THERE is a visiting therapist at Burrswood Christian Hospital in
Kent who is known simply by her first name, Marnee. She ministers
to all the patients regardless of their condition, can sense by
instinct what is wrong and what might help, and, remarkably, can
achieve all that without speaking a word to the patient. And, by
the way, you can stroke her.
Marnee is a Pets as Therapy (PAT) dog. On Sunday, she'll be
joined by a large number of other dogs in Burswood's beautiful
grounds and surrounding countryside for the hospital's third
sponsored walk, "Bark for Burrswood". It's a fund-raising event
both for the hospital and for PAT, which plays a valued part in the
holistic care of patients here.
The director of nursing at Burrswood, Suzanne Owen, describes
the hospital's approach as "a marriage of ministry and medicine".
It spe-cialises in intensive rehabilitation and respite,
post-operative, and palliative care.
She grew up locally, and came here with her church on a Quiet
Day. She recalls of that experience: "When I got out of the car, I
felt that God really said to me: 'You will work here one day.' And
I knew in my head that it would be as matron."
Fifteen years later, in 2002, and after working in several large
hospitals, she did exactly that.
It is still a very vocational place, she reflects of Burrswood,
widely acclaimed for its high levels of clinical and compassionate
care. "There is a tangible presence of God here. Those who
recognise that presence as the presence of God will be able to say
that; people who don't have faith - and we welcome patients who
don't - don't express it in a spiritual way, but say there's
something special here, or that it's really peaceful.
"I've heard it said, and believe it to be true, that Burrswood
is a 'thin' place, in the Celtic sense."
Medical, emotional, and spiritual care here is "blended,
plaited, woven together in the disciplines of the teams", she says:
easier to achieve in a 40-bed hospital than in a much bigger
PAT dogs have been part of that care for many years, and the
hospital is delighted that its principal visiting dog, Marnee, was
this year's winner of the HiLife PAT Dog of the Year at Crufts.
She and her owner, Noel Austin, have made 1000 visits over the
past 11 years to hospitals, care homes, and schools, and, most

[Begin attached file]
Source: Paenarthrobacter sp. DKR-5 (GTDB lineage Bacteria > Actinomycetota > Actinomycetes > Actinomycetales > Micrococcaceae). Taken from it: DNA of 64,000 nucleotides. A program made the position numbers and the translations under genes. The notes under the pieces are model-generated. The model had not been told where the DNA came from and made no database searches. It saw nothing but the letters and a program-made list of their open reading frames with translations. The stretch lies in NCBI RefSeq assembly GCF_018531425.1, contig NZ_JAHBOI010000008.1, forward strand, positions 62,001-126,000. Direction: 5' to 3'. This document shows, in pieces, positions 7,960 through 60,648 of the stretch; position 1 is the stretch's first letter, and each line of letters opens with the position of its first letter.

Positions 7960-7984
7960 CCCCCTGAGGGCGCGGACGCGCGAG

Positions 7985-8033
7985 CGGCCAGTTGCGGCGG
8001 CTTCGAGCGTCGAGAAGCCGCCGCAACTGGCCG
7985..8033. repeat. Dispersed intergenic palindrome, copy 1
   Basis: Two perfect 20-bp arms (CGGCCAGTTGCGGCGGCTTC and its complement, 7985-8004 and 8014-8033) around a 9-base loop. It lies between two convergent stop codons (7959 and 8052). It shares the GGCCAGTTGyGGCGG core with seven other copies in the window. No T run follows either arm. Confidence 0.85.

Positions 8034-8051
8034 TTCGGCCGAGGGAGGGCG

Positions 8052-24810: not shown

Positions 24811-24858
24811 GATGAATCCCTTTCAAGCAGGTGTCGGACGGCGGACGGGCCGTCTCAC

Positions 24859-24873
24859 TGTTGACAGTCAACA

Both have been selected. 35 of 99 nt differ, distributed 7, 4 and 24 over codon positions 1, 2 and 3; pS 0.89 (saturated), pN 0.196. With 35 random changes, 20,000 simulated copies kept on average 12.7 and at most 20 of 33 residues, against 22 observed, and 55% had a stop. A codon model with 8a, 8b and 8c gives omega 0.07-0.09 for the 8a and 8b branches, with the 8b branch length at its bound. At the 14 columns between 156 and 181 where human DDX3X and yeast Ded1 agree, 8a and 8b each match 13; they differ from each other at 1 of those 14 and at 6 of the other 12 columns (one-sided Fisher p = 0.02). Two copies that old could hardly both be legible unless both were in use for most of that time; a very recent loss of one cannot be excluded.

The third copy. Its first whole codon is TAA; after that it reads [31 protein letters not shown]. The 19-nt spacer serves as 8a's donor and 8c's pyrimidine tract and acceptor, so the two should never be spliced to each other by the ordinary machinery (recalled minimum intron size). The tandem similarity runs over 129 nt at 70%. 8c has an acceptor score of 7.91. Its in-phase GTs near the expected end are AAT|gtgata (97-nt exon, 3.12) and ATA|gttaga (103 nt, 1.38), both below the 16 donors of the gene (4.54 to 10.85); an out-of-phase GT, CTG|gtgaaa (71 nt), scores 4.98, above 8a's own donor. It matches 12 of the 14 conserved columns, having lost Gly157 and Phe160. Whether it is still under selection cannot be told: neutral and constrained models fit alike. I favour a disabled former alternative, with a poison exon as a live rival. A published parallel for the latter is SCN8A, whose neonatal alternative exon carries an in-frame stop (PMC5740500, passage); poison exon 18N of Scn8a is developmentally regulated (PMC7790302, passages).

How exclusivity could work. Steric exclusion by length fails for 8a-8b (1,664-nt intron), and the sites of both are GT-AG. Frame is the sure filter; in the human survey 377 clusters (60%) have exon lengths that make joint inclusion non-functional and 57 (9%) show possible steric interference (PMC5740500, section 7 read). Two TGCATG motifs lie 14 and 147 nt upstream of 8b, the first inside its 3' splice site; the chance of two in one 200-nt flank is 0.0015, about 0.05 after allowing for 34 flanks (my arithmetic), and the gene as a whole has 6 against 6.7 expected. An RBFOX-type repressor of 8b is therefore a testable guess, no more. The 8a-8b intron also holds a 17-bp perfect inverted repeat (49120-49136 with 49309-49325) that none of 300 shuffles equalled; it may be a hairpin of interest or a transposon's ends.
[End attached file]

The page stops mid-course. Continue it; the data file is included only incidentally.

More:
happily of all, they say, to Burrswood.
"There's something very therapeutic for patients to be able to
interact with an animal," Ms Owen reflects. "There's something
about the way, when you are stroking a dog's head, that the dog
looks at you - it's a wordless communication. It verges on the
spiritual, because it touches the person deep within, in a way that
words and human interaction doesn't quite do."
NOEL AUSTIN concurs with that. She has had ten generations of
Golden Retrievers, and Marnee is her ninth home-bred PAT dog.
She believes that they are born to the work. "They can either do
it or they can't. It's an inborn temperament, an ability to be
patient while the handler talks to whoever it is. You can't put it
there," she says.
"When we bred puppies, we always earmarked the one we wanted.
We'd wrap it up in a blanket, and take it up to Crowborough
Hospital, where we'd play pass the parcel with the puppy. They
can't be registered that young, but we would just see how relaxed
it was, whether it could cope with the atmosphere, and with being
moved from one person to another. I must say, they all passed the
test, and stayed."
The extraordinary sensitivity of PAT dogs manifests itself in
many ways. Confronted with a wheelchair, Marnee will not position
herself face on to it, seeming to know by instinct that if the
occupant leans forward to stroke her, he or she will fall out of
Instead, the dog will shift her bottom so that she is sitting by
the side, and the person in the chair simply has to lean
"I have not taught her that," Noel says. "She knows what to do.
She knows when to push her nose in and say 'Come and stroke me';
and she knows when to sit there and say, 'You can just look at me.'
She senses when people are very ill, and, in other contexts, she
knows when people are afraid of dogs.
"She'll sit at their feet, look them straight in the eye, as if
to say: 'You are afraid of me, but in five minutes' time you will
be stroking me.' And they do."
AT BURRSWOOD, patients can specifically ask to see Marnee on the
day that she is in, and mostly everyone does. "Obviously, we have
our regulations and compliance and infection procedures, but nurses
will facilitate Noel and Marnee to go wherever they would be
appreciated," Ms Owen says. "We really like having them around.
They happily roam about, and don't intrude where it's not
For Ms Austin, that means never disturbing a sleeping patient;
so she'll tap on the door and open it very quietly. The dog will
also sense the situation. As Ms Austin engages the patient in
conversation, Marnee will first sit, and then edge closer and
"People will put their hand out, and you can see fingers
stroking in the fur. If they're particularly keen to see the dog,